Larry Hamelin pointed me to a recent Existential Comic which criticizes Richard Dawkins and Sam Harris for scientism. The explanatory text below the comic goes on to criticize the New Atheist movement as a whole. It argues:

The real goal [of scientism] is often just to draw a border around what we should or shouldn’t question, because they don’t want any of the fundamental aspects of society to change.

Larry Hamelin has a couple good posts responding to the comic commentary, and looking back on the New Atheist movement as a whole. Partially following Larry, these are my critiques:

  • Harris and Dawkins don’t represent the atheist movement. Harris and Dawkins are widely criticized within the movement, and many (myself included) are positively disposed to philosophy.
  • To the extent that scientism is or was present in New Atheism, it was not motivated by an attempt to maintain status quo. I believe that scientism was primarily a reaction to the way people would hide behind the authority of philosophy, insisting that there exists a complex and subtle defense of religion or belief in God. Of course, the complex and subtle defense did not materialize, and failed to address religion or belief in God as they are popularly practiced.
  • Of all the strengths of philosophy, I do not think effecting social change is one. Certainly academic philosophy is not a force for change. And though my writing is often infused with philosophy, that just makes me a more effective thinker, not a more effective activist.

This might be a bad idea, but let’s read the comments on this comic to see what other people are saying.

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Clearer thinking about definitions

Do you believe that people waste too much time arguing over definitions?

I do too. But I also have a second problem: I’ve read some philosophy. And so, when I’m frustrated with pointless arguments over definitions, my frustration becomes compounded by the fact that nobody understands the thing that they’re arguing about, and the only way to solve the problem is by spending even more time arguing over useless stuff.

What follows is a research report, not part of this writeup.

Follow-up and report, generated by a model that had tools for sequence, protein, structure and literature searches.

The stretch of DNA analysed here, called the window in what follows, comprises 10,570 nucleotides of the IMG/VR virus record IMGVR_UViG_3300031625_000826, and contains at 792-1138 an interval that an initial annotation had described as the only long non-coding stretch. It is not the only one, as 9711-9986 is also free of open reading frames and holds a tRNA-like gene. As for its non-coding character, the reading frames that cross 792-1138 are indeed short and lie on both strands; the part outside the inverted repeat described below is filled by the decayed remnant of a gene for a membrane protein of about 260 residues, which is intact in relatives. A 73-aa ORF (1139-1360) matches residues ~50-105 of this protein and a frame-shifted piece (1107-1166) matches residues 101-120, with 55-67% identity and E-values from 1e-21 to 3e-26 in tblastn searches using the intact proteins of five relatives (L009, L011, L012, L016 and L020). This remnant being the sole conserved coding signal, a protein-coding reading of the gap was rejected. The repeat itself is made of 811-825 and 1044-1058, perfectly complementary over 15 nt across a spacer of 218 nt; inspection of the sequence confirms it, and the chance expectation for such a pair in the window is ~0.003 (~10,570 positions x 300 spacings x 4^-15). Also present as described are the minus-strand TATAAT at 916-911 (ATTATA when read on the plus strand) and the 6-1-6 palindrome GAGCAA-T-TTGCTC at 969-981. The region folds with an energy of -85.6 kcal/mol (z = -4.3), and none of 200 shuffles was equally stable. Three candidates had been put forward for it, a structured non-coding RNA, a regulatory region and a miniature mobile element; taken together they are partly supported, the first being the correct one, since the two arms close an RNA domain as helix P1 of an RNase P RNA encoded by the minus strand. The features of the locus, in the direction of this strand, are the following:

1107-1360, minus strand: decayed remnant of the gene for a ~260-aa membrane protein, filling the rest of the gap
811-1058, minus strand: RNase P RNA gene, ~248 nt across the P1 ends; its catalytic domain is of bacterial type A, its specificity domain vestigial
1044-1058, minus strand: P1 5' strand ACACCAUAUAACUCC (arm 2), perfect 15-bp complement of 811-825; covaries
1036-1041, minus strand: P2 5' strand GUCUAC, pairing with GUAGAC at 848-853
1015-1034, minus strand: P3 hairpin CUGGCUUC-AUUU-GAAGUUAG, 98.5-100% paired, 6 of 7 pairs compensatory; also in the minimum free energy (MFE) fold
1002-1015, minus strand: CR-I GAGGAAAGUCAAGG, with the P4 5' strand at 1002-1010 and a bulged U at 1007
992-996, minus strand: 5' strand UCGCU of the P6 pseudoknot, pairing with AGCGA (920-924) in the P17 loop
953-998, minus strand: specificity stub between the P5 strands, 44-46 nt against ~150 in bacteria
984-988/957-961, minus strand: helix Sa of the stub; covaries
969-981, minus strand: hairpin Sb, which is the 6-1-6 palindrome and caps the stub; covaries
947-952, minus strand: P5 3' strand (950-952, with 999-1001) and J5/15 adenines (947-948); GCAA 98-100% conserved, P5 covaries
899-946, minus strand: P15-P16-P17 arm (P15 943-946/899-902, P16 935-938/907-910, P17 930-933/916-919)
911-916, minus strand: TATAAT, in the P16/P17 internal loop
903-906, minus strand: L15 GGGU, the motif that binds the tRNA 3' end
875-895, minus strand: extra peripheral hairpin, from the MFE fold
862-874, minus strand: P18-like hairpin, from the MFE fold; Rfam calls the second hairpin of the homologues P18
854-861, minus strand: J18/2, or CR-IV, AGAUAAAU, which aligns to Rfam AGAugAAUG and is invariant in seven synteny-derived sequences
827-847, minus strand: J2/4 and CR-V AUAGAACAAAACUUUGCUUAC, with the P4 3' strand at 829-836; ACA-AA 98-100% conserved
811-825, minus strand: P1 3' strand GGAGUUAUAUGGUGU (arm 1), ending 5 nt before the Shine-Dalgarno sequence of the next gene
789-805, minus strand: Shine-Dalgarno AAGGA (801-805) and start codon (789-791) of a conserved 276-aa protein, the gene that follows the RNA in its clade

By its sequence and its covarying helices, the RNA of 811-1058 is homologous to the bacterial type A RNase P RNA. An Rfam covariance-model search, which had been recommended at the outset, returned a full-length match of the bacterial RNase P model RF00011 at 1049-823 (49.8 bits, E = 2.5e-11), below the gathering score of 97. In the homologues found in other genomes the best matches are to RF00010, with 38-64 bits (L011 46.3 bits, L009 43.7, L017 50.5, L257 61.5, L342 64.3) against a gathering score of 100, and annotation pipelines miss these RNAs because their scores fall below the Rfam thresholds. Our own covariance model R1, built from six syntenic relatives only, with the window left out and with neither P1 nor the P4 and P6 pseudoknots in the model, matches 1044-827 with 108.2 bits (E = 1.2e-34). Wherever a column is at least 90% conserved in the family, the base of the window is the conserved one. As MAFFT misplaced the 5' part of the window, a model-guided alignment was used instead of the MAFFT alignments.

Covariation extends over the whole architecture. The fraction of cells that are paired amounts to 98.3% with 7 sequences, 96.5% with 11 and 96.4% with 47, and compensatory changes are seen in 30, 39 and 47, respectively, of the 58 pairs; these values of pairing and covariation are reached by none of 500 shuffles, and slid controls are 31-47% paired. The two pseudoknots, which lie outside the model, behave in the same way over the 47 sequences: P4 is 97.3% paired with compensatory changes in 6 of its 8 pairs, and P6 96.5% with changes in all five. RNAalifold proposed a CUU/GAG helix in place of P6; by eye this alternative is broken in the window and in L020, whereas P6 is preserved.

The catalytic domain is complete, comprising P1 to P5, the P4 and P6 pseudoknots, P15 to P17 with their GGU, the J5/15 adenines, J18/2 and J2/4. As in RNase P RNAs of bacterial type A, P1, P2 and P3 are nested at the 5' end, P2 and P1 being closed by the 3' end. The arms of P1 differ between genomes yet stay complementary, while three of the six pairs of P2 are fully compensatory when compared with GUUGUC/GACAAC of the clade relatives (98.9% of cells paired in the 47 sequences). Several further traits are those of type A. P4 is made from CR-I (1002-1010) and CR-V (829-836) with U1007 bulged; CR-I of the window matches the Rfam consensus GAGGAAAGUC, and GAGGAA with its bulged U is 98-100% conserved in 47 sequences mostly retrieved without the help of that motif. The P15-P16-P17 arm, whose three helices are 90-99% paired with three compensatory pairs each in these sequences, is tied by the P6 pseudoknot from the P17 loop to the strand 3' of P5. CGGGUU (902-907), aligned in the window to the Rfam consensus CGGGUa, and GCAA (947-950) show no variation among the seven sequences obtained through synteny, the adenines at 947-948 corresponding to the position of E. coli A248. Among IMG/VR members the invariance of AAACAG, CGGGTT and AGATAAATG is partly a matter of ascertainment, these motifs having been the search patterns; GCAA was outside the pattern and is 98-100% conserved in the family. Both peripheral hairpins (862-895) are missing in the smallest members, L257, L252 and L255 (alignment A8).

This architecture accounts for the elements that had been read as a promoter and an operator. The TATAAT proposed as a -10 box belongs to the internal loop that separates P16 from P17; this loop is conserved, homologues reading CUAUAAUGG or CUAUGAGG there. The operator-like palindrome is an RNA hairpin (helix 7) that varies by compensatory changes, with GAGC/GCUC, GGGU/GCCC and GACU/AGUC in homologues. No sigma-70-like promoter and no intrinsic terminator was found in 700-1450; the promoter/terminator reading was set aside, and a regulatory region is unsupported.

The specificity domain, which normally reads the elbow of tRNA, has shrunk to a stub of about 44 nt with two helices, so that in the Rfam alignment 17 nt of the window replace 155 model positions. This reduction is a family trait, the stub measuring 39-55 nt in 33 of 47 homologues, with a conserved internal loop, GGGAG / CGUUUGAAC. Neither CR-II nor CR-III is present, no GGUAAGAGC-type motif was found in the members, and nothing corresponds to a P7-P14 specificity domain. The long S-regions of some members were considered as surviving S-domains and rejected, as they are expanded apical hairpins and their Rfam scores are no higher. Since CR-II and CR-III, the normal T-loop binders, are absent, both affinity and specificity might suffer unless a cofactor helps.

Case in point, in all the time you’ve ever spent arguing over definitions, have you ever once glanced at the relevant articles in either Wikipedia or the Stanford Encyclopedia of Philosophy? I’m guessing not, because I never thought to do such a thing myself for a long time.

So now that I’ve made everyone feel guilty, let’s talk about one of the things you’d learn from some basic research: intensional vs extensional definitions.

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Gödel’s Second Incompleteness Theorem Explained

This is a followup to an earlier post where I talked about Gödel’s First Incompleteness Theorem. Here, I discuss the Second Incompleteness Theorem, and further implications.

Could you remind me what the theorem was?

The theorem states that a consistent formal system cannot prove its own consistency.

As previously discussed, there are a couple qualifiers. The formal system must include some amount of arithmetic, and must have a computable set of axioms.

What does consistency mean?

A system is consistent if it cannot prove any contradictions. A system is inconsistent if it can prove a contradiction.

Contradictions sound bad. Are they bad?

Yes. The Explosion Principle states that if you can prove a direct contradiction, then you can prove absolutely any statement.

Here’s how the Explosion Principle works. Suppose A and not-A are both provable. Now consider statement B. “(A implies B) or (not-A implies B)” is a tautology. Since both A and not-A, that means we can prove B. Following the same procedure we can also prove not-B.

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Gödel’s First Incompleteness Theorem explained

Once upon a time, mathematicians thought they would be able to prove everything. The endeavor was known as Hilbert’s Program. They would find a complete and consistent set of axioms, and on this foundation build all of mathematics. (Although to be fair, much of mathematics was already built and was to be placed upon on those foundations retroactively.) And then, if everything went well, they would generate an algorithm that could prove every statement either true or false.

To some extent, Hilbert’s Program was successful. We now have Zermelo-Fraenkel set theory, which is a solid foundation for the vast majority of mathematics. But there are two problems. First, set theory isn’t complete. Second, we can’t prove it’s consistent. And Gödel showed that these problems have no solutions.

Gödel’s First Incompleteness Theorem: No consistent formal system is complete.
Gödel’s Second Incompleteness Theorem: No consistent formal system can prove its own consistency.
(Both of these theorems have additional qualifiers that I’ll get to later.)

Here I will explain the proof for the First Incompleteness Theorem, and a few of its implications. In a later post, I will talk about the Second Incompleteness Theorem.